I know what you’re thinking…she was just a chicken, after all.  But here’s the thing; and I believe this with my entire being: we are all divinely connected, divinely guided, and divinely loved.  Each and everyone, everything on this earth is a unique gift; a gem, a jewel, some rough cut, some polished, but all a part of God’s Glory.

We buried Marilyn in our backyard.  I scattered rose petals where she was laid to rest and I was reminded of this:  that even in times of profound sorrow I am blessed by having loved, and having been loved.

Thank you Marilyn for reminding me that love is not lost through loss, but found more fully.

Our beloved Marilyn Monroe

Japan: A Nation’s Blessings Eclipsed

This sand sculpture was created in India.

I had been happily working on a light-hearted blog while waiting for a flight out of LAX early Friday morning.  My husband and I were excitedly joining both family and friends on the East coast to attend a concert my son had put together to showcase his musical talents. This was one of those golden moments in life that holds the promise of tremendous joy and love; something happy to remember for the rest of your life — a blessing — the gift that keeps on giving.  My heart was wide open, keenly aware of the abundance of blessings that surrounded not only me but also those I love and cherish.

And then a text on my phone: the news of Japan’s devastation; a request for prayer from a friend.   Within seconds my expansive heart retracted, growing unbearably heavy, and that guarantee of joy-filled moments slipped away from me and became a deeply dark, foreboding feeling in my soul.  The light from my blessings became shadowed.

Nature can be that way.  Life can be that way.  A killing field of sorts.  Unforeseen, unannounced and certainly, unwelcome.  Had I not experienced loss during the Northridge earthquake?  How many times had I experienced the unexpected loss of a loved one in my life?  How may times has my body been made vulnerable by disease? Too many to recount. Too painful to remember.

Yet, just 24 hours earlier, blessings in Japan were everywhere to be found.  In the love of family and friends, on the faces of children, in the songs of birds, in the beauty of nature, in the rhythm of daily life that awoke with the sunrise, and slept under the canopy of night.  Had the blessings of Japan been devoured by that mountainous wall of water that consumed so much in its path?  Certainly, a quake of that magnitude, a tsunami of such devastating power is not a blessing.  I am thousands of miles away, and I can’t deny the unbearable sorrow of such loss and destruction.  The quake and tsunami in Sendai not only altered Japan physically, it literally changed the world physically — shifting the earth’s axis four inches.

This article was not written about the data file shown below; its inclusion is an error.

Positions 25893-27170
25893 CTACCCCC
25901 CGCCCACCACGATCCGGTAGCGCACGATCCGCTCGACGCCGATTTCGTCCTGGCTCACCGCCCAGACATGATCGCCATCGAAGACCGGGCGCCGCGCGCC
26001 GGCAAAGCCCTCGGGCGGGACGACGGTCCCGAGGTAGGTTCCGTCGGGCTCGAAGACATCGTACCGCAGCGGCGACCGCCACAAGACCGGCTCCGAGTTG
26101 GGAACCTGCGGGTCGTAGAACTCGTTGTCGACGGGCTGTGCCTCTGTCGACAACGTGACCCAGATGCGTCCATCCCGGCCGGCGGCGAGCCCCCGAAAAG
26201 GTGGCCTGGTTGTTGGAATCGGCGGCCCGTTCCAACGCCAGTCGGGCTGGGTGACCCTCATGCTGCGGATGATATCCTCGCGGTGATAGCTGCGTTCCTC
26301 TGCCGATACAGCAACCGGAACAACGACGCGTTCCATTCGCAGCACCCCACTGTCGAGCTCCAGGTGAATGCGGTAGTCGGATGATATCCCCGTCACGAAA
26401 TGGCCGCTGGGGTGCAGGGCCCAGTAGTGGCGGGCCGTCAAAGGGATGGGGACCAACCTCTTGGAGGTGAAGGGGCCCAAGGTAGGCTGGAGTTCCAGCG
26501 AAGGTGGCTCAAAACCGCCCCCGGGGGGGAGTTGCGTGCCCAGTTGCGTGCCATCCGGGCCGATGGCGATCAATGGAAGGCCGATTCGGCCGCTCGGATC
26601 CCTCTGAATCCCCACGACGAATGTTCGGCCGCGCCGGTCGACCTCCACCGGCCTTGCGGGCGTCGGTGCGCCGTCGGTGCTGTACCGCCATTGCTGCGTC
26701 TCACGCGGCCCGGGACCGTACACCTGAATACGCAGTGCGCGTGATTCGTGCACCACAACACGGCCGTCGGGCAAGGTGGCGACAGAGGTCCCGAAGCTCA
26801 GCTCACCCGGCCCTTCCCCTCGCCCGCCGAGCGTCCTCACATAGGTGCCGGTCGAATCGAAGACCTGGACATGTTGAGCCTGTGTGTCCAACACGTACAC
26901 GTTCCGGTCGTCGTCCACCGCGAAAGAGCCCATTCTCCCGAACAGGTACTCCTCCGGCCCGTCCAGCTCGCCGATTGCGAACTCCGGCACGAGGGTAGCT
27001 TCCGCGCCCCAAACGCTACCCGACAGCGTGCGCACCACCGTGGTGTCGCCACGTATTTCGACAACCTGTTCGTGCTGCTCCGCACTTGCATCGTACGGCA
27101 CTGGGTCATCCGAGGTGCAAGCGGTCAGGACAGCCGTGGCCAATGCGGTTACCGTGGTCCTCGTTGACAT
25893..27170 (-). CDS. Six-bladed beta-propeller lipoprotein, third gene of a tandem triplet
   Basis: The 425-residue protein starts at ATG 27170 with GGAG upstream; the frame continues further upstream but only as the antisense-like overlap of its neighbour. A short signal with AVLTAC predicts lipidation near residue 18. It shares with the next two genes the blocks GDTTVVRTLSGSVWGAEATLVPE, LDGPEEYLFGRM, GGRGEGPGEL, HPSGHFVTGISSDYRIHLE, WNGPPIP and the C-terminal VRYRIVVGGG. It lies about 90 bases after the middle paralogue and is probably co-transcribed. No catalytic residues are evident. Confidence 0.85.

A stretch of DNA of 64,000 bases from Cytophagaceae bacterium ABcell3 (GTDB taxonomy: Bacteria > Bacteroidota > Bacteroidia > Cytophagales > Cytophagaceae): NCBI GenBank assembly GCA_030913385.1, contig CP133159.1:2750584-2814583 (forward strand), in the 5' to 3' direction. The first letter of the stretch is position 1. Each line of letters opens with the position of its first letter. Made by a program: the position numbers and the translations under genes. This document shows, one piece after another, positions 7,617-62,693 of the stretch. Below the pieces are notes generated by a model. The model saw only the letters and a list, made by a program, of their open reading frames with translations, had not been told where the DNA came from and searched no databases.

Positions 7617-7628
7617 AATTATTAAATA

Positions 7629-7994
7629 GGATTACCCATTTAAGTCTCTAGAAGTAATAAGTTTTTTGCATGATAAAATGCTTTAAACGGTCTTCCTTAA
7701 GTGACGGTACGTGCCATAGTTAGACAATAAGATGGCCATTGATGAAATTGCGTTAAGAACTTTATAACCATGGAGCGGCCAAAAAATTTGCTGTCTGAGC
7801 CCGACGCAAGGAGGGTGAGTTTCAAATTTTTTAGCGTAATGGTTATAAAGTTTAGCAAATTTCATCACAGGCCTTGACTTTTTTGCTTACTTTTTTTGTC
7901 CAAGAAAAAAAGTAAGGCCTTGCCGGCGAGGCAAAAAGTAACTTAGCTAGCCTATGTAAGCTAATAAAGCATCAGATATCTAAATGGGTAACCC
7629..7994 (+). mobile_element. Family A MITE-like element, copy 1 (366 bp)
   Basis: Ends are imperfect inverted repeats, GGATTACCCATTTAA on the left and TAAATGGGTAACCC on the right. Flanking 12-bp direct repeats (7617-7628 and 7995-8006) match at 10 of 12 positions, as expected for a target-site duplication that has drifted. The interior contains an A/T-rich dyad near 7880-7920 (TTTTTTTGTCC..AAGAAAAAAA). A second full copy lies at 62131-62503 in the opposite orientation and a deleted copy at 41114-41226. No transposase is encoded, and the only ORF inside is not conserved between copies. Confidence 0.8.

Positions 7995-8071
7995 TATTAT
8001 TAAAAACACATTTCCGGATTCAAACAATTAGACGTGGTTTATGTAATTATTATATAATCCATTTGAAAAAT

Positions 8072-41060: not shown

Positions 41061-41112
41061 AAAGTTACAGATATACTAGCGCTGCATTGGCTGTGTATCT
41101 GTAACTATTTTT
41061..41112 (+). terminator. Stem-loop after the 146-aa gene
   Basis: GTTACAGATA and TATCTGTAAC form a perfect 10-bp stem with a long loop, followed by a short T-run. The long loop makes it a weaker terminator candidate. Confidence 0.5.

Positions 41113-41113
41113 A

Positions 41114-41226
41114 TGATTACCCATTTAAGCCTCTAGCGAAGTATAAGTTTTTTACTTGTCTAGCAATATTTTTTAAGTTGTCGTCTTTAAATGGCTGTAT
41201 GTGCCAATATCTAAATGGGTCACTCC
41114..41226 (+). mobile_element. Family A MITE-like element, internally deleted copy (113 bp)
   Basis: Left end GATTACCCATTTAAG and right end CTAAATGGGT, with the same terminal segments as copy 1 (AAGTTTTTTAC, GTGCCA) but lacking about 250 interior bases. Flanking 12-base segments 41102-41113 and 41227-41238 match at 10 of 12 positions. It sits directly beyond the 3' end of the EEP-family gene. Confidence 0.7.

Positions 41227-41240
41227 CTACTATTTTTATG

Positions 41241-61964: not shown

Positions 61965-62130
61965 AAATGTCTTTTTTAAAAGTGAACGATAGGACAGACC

And on an intensely personal level, Japan’s collective cry of pain, shifted my feelings of joy to an overwhelming sense of sadness.  In the blink of an eye, my guaranteed blessings were eclipsed by Sendai’s demolition, and I truly grieved for that nation.  Every one of us experiences suffering; some suffer more than others, some more brutally, some more subtly.  The way in which we suffer may change from person to person, but the fact of the suffering is part of what connects us to one another.

I read somewhere that, ‘grief is the natural and healing companion of loss.’  If we allow ourselves to experience and surrender to grief we can eventually move through it and shift in powerful ways.  And there for me is the ray of light, called a blessing.  And every time we recognize a blessing, it increases our ability to receive it.  This is where G_d exists for me.  This is the place of momentous spiritual healing; this is the seed of transformation.

When our world grows dark and foreboding, and personal loss is beyond imagination, we have to remain open in our hearts.  As I watch the abundance of aid pour into Japan, I am reminded that we are all Divinely connected, if we but open our hearts and accept the love and care we give to and receive from one another.

Please take a moment — now — and pray for the people of Japan.

And finally, give thanks for your life.  Be grateful for everything you have and for all that you have become; for it is through gratefulness, we open the door to joy.